August 24, 2015
There are many reasons that a bank will decide to either approve or decline a home loan application. No matter what though, lenders base their assessment on your worth as a borrower using the so-called ‘5 Cs of Credit’. Applicants who can clear this assessment will have a much better chance of getting approved.
The 5 Cs stand for character, capital, capacity, collateral and conditions but what does that mean for you and your ability to qualify for a home loan?
Character amounts to your willingness to pay back the mortgage. Simply put, lenders consider your personal and business reputation.
The first of the 5 Cs of credit largely involves a look at your credit file. The lender will check to see if you’ve got any blemishes or bad credit red flags such as defaults or bankruptcy in your credit history.
Lenders will also consider your stability as a borrower, specifically, how long you’ve been in your current job, how often you’ve changed addresses in the past couple of years and if you’ve been paying your bills regularly or not.
The second of the 5 Cs is capital and it represents the amount of wealth that you possess and includes any assets or valuables that make up your total net worth. In short, it’s the value of your assets minus your liabilities.
You can estimate your capital by deducting how much you owe from how much you own.
For example, your savings, the value of your car, any real estate you already own and investments, such as shares, minus any personal loans, HECS/HELP or credit card debts.
In the event of a financial setback like losing your job, banks like to see that you have a safety-cushion for repaying your home loan.
By looking at capital, banks also get an idea of your ability and willingness to save and accumulate assets. Unless you’re fairly young, a lack of accumulated assets raises a red flag to the bank that you’re probably not that good with your money.
Continuing the 5 Cs of credit, lenders use capacity to get an idea of your ability and your means of repaying the loan.
Essentially, banks work this out with a debt-to-income or ‘servicing’ ratio based on how much you earn compared to your level of debt. Think of it as your incomings versus your outgoings.
Your incomings refer to your income, rental income or anything else you earn from investments you have. Your outgoings refer to things like your rent, bills and debts such as loans and credit cards.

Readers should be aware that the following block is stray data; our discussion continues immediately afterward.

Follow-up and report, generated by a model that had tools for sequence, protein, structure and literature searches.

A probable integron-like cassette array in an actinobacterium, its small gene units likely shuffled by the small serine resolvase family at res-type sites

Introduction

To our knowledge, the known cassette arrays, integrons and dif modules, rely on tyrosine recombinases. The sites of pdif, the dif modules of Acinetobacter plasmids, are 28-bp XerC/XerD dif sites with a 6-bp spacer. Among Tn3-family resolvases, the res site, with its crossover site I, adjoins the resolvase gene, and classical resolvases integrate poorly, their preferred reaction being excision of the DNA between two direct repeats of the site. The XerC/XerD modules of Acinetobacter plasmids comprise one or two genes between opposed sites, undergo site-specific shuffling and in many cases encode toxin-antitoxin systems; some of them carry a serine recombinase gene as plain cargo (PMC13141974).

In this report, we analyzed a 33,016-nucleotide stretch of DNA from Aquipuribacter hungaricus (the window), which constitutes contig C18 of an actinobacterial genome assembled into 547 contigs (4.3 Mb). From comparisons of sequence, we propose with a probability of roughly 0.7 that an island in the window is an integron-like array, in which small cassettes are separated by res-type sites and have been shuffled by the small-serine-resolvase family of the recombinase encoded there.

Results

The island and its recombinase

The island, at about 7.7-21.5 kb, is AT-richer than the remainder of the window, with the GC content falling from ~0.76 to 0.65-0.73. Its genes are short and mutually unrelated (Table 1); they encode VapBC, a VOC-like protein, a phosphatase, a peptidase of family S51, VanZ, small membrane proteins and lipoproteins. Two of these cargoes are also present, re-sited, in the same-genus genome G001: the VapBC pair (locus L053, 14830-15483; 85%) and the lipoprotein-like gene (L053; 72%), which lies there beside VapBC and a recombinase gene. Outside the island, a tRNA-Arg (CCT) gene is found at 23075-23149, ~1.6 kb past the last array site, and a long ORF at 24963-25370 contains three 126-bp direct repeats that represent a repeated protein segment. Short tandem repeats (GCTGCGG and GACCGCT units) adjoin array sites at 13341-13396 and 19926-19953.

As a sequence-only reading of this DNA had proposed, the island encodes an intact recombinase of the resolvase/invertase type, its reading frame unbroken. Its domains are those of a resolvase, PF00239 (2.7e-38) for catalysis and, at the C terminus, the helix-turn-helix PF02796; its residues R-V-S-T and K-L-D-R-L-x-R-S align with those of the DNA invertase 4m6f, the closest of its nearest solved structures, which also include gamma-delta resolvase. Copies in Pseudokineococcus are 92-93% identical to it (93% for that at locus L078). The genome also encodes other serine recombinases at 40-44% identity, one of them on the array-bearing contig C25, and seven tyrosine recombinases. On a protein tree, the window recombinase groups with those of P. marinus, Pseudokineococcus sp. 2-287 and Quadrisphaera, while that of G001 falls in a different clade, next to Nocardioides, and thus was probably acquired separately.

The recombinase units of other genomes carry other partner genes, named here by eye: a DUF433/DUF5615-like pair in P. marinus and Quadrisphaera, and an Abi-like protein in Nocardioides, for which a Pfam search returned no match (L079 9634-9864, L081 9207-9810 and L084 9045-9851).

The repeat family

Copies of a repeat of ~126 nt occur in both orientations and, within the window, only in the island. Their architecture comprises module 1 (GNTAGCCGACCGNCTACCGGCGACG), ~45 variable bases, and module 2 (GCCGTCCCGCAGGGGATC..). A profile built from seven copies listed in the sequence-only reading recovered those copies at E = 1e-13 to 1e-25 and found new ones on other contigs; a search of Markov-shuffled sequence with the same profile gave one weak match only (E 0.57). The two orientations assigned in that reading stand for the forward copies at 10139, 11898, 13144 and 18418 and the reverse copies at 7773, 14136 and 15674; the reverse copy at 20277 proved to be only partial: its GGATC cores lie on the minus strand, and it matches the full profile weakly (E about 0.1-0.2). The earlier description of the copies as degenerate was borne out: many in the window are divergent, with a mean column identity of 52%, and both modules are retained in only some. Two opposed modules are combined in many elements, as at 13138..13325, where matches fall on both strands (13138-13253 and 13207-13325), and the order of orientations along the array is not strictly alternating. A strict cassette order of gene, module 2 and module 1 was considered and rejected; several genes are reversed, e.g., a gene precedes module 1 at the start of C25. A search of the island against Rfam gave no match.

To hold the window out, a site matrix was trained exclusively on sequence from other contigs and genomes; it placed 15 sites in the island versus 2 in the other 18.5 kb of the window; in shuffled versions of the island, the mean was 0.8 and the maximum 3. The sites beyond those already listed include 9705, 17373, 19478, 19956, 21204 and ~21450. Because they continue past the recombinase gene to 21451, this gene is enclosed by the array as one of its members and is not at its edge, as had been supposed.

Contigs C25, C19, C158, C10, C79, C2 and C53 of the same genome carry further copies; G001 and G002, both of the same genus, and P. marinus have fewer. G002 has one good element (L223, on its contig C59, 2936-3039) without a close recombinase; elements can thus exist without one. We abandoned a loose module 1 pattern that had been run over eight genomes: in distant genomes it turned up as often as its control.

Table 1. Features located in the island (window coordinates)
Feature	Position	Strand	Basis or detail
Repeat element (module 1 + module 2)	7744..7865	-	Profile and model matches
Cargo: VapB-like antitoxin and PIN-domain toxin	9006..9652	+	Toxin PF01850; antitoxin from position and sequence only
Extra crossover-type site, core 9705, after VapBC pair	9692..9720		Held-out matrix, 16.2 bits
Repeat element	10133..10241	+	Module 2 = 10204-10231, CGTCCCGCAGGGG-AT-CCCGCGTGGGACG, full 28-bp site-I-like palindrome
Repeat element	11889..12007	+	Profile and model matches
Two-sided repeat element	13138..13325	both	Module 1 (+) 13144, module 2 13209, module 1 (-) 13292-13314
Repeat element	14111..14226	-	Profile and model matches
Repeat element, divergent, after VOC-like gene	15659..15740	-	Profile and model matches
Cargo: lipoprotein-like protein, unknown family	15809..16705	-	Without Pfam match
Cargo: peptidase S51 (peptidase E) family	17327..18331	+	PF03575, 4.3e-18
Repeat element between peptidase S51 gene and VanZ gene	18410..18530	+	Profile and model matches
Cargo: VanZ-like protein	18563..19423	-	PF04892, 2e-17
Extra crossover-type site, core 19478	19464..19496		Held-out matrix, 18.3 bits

Collateral is the property that’s used to secure the loan. It can be a building, including your home, or equipment owned by your business or by you, personally. Typically, it should be equal to or greater than the size of the home loan.
If you’re unable to make your mortgage payments as agreed, the bank has the right to seize your property to repay the debt although other avenues are explored before going down this path, including reducing or freezing your home loan repayments for period of time.
If they do sell your property, you will hold onto any capital gains from the sale.
If you can’t provide collateral or security in the form of property, a number of lenders offer guarantor loans.
They work the same as a standard home loan except your loan is secured by your parents’ home. Best of all, you can borrow the full amount of your property plus the costs of completing the purchase (stamp duty and other legal fees).
That means you don’t need a deposit and you can avoid the cost of Lenders Mortgage Insurance (LMI), a one off fee normally charged when borrowing more than 80% of the purchase price.
The last of the 5 Cs of credit is known as conditions and it refers to the financial conditions that exist at the time that you submit your application, specifically, your interest rate, principal amount and general market conditions.
It basically refers to any outside events or circumstances that may affect your financial situation and ability to make home loan repayments.
It hasn’t been long since the RBA cash rate dropped to an all-time low of 2.00%. This has increased the borrowing capacity of home buyers. Also, due to the recent policy changes in Australia, most banks and lenders have reduced the amount investors can borrow.
Because of these conditions, home buyers can borrow more whereas many lenders allow investors to borrow only up to 80% of the property value at the moment.
Contact either Owun, Suzanne, Costa or Anthony on 02 9517 1818 or firstname.lastname@example.org to discuss your options. Or, if you feel like dropping in at our office, we are located at Suite 106, Flourmill Studios, 3 Gladstone Street, Newtown 2042. Be sure to share our blog on Facebook and Twitter and let others join the conversation!